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3D printing improves training capabilities and cuts cost
TOPICS & CATEGORIES
By Theresa Bradley
Rocco Portoghese overseeing a 3D printing job on the Objet 500 Connex 2 in the Rapid Prototype Design and Fabrication Lab.
Engineers and designers at Naval Air Warfare Center Training Systems Division (NAWCTSD) are finding solutions to difficult training challenges with 3D printing. In Orlando, NAWCTSD’s Rapid Prototype Design and Fabrication Lab – part of the Advanced Simulation, Visual and Software Systems Division – is equipped with sophisticated 3D printers that produce training devices quicker and more cost effectively than traditional methods. In some cases it’s creating parts that were impossible to produce in the past.
Rocco Portoghese, Senior Research and Development Engineer with the Rapid Prototype Design and Fabrication Lab, said: “3D printing has opened the door to imagination and creativity. In just a half-hour, over lunch, I printed a device enclosure that we couldn’t have made in our machine shop. This process offers greater flexibility and complexity of design.”
3D printing is also reducing cost and speeding development of simulated pieces of tactical gear for trainers. Simulators have traditionally used bodies of warfare equipment and filled them with simulation-specific gear. These shells, based on the actual bodies, are generally expensive and have long production lead times. The cost of a previously integrated laser-target-designator body is $18,000, and it takes almost six months to procure. But that same item, developed on a 3D printer, will cost $200 for materials and take about four hours to print in plastic. Although not as sturdy as the real body, it is suitable for training.
A demonstration weaponry system containing components used in training and printed on the Objet 500 Connex 2 at the Rapid Protoype Design and Fabrication Lab.
3D printers operate similarly to traditional printers but use a variety of materials, such as plastics, elastomers, titanium, steel and carbon-fiber composite. The printing process differs with various machines. Two of the labs machines use polyjet technology. Print jets lay down a single layer of material that is cured by high-intensity ultraviolet lights. Each subsequent layer is laid upon the last, until the final piece is completed.
The third of the lab’s printers uses a process called fused deposition modeling – a thin filament of thermoplastic resin is melted by a single-point print head, extruded, placed on a build surface, and cooled to a solid form. The print head then draws out a cross-section of the part to complete a single layer, and the process is repeated until the part is built.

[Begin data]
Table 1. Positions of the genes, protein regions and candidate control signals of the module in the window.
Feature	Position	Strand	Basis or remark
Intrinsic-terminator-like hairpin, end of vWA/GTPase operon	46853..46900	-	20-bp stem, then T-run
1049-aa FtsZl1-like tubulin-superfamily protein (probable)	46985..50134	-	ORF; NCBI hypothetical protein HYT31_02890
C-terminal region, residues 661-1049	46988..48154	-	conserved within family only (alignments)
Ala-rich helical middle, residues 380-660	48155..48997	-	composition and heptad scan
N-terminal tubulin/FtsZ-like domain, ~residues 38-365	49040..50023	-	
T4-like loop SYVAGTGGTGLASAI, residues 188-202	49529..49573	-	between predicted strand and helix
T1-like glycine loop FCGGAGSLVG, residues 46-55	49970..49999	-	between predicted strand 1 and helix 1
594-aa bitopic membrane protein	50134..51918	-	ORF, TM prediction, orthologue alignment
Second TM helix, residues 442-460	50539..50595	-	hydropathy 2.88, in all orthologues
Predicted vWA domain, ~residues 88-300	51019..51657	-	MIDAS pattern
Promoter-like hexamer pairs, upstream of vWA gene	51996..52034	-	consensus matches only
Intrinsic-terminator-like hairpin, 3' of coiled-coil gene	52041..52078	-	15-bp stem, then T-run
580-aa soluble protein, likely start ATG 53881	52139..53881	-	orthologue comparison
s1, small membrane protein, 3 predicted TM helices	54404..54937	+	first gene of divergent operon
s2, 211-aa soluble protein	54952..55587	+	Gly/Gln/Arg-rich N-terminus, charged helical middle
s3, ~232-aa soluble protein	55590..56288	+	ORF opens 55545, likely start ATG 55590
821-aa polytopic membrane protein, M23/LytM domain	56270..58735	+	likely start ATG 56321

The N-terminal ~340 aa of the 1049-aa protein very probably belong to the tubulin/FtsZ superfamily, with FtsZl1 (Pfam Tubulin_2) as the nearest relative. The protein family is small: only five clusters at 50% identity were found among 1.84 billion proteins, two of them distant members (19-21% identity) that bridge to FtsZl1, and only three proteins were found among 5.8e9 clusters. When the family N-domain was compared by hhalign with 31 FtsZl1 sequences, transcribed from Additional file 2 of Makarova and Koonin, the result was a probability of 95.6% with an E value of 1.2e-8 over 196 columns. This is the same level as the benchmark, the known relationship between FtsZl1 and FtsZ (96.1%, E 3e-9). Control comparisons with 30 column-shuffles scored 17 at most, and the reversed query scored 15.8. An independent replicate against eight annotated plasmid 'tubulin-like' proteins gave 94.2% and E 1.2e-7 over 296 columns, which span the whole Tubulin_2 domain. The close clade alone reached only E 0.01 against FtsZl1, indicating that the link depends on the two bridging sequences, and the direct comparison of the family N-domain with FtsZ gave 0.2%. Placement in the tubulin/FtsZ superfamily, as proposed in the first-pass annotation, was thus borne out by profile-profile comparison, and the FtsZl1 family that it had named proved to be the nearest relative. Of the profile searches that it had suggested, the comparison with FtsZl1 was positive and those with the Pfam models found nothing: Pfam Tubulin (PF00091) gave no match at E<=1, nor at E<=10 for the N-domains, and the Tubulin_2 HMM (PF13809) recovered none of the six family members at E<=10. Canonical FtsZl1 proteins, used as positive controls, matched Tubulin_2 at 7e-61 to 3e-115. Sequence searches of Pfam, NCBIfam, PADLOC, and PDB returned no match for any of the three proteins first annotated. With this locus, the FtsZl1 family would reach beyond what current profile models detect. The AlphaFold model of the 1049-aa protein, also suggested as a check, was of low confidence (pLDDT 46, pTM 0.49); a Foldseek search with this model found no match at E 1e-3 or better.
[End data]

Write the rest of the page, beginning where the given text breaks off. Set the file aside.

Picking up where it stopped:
NAWCTSD added 3D printing to their Orlando-based Rapid Prototype Design and Fabrication Lab in 2012. Today, it produces a wide range of plastics in varying hardness and colors with two polyjet and one fused-deposition-modeling printer. These range in cost from $20,000 to $300,000. The most sophisticated prints up to 140 materials by combining polymers in a finished size up to 19.3’ x 15.4’ x 7.9’.
This high-tech Objet500 Connex2 by Stratasys was used to produce components of a weaponry system called Modular Advanced Training-Marksmanship Proficiency (MAT-MP).
Portoghese said: “MAT-MP is packed with electronics, neatly and snugly in a very small package. It has high-def video, a 1GHz computer and wireless capability. The printed components’ lighter weight, smaller size and increased design complexity allow us to pack all those features in one device that can be attached to any live-fire weapon and used in training.”
While video records the trainee’s line of sight, sensors monitor trigger and buttstock pressure, and tilt of the weapon. This Information is recorded and delivered to the trainer who then gives instantaneous feedback on very precise adjustments.
MAT-MP is currently being tested by the Marines, Army and law enforcement.
3D printing technology is still emerging, and its applications in training aren’t fully understood throughout the military. Portoghese acknowledges that many in the Navy don’t completely understand its capabilities.
He said: “There are a lot of challenges we can help resolve with this technology. We can often do it at a much lower cost and in a very short timeframe compared to traditional manufacturing and prototype methods. I can produce an item and tell clients. This is what it will look like. After the design phase, there is no ambiguity about what will be delivered.”
Team members at the lab see a tremendous benefit to giving Warfighters direct access to 3D printers. On ships, for example, replacement parts could be printed on-demand. Instead of storing and hauling hundreds of parts, most of which will never be needed, the ship could store a digital inventory of part designs and print as needed. If a part didn’t exist in inventory, it could be created by a designer located either onboard or remotely.
The Rapid Prototype Design and Fabrication Lab serves all branches and through NAWCTSD is a member of Team Orlando – a coalition of Central Florida-based military, federal government, industry and academic institutions who have united around a common individual mission: to improve human performance through the use of modeling, simulation and training technologies. Through collaboration, cooperation and partnerships, Team Orlando maximizes organic capabilities, training solutions and mission readiness, while minimizing costs and developmental/delivery timelines.
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